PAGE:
How to future-proof your peer-to-peer fundraising

Marc Rubner

Marc Rubner

CEO

In my daily conversations with nonprofit leaders, I hear a lot of concern about underperforming events, difficulty of attracting and keeping supporters, and lagging revenue. Many are worried about the changes happening in fundraising. On the other hand, at DonorDrive, we’re seeing many nonprofits excel with their peer-to-peer fundraising programs. Organizations that are agile and responding to current market trends are able to raise more in today’s environment.

Here’s are the big issues I see happening currently:

11 nonprofit fundraising trends impacting why people give or don’t give to organizations

1. A site visit is no longer a sign-up

It used to be if you got a potential participant to your site, you’d already won the battle: They were there to participate in your event. But many nonprofits are finding a higher bounce rate on their sites than ever before. This is especially true with younger participants. Potential supporters may arrive at a nonprofit’s event site through Facebook, an ad, or through a connection at their company. They may go check out the site or the event, but if they don’t like what they see, they're gone.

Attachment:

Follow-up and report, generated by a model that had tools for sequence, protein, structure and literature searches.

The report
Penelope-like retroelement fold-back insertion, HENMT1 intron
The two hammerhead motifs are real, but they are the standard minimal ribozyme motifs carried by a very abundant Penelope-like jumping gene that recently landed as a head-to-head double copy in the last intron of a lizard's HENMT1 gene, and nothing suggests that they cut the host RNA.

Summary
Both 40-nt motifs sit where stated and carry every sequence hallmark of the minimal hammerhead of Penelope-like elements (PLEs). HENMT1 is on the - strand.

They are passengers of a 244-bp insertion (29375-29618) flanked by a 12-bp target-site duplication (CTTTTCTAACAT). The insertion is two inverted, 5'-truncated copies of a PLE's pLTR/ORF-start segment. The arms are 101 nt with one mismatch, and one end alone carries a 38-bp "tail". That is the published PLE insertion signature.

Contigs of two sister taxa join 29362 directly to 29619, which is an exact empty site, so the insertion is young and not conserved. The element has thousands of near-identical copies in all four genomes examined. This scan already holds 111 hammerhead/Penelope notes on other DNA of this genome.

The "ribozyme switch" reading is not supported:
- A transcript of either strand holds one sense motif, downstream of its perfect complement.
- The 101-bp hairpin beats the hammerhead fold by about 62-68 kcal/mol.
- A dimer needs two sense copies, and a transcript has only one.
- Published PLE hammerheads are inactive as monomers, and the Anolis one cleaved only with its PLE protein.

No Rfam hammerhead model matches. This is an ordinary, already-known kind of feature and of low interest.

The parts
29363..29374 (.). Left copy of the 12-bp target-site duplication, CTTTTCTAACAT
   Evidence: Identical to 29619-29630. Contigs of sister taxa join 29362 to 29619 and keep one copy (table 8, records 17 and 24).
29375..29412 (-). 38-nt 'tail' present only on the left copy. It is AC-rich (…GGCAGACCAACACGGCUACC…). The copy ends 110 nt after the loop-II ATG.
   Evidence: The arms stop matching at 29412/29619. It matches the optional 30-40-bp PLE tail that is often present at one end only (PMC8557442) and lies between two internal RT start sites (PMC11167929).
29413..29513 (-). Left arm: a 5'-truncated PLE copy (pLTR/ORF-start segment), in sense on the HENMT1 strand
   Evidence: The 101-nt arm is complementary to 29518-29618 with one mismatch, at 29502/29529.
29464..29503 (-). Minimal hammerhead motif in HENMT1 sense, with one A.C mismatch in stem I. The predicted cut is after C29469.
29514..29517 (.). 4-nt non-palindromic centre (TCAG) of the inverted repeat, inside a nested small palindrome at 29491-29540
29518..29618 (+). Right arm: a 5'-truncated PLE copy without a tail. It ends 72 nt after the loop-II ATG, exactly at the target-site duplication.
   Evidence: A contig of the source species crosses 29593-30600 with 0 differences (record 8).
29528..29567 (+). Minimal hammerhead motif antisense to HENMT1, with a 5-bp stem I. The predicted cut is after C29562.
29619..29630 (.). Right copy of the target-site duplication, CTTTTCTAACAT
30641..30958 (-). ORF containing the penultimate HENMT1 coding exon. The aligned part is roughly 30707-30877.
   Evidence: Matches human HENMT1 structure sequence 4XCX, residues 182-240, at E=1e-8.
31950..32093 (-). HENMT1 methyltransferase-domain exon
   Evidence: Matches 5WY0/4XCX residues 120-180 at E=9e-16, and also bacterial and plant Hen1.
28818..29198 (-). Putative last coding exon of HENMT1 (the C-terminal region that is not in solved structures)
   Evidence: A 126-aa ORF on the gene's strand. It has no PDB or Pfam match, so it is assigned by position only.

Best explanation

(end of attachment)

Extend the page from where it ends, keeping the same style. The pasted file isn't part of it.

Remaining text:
Getting participants to your website is now just the start of the process of selling them on your mission. Once they get there, you need to sell them on the good you’re doing. Even if they sign up for an event or campaign, it’s never been more important to engage them further with tangible proof of your mission success. They want to know what good every dollar they raise is buying. Today, you have to sell them to get them to join up.

2. It’s not about you, it’s about them

Organization names don’t mean what they once did. Nonprofit Marketing Guru John Haydon said you have to stop bragging about your nonprofit. Today, supporters look at your organization more as a channel they can use to do good. Organization names may still be important for older supporters, but younger supporters don't care who you are. They just want to know how you’re going to enable them to have an impact on a cause they care about.

Giving supporters choices in how they can have that impact is also beneficial. It shows people what they can support and educates them on the good you're doing. As an example: DonorDrive client World Vision gives supporters choices where the money goes in their My Cause DIY program, including building wells and providing child protection.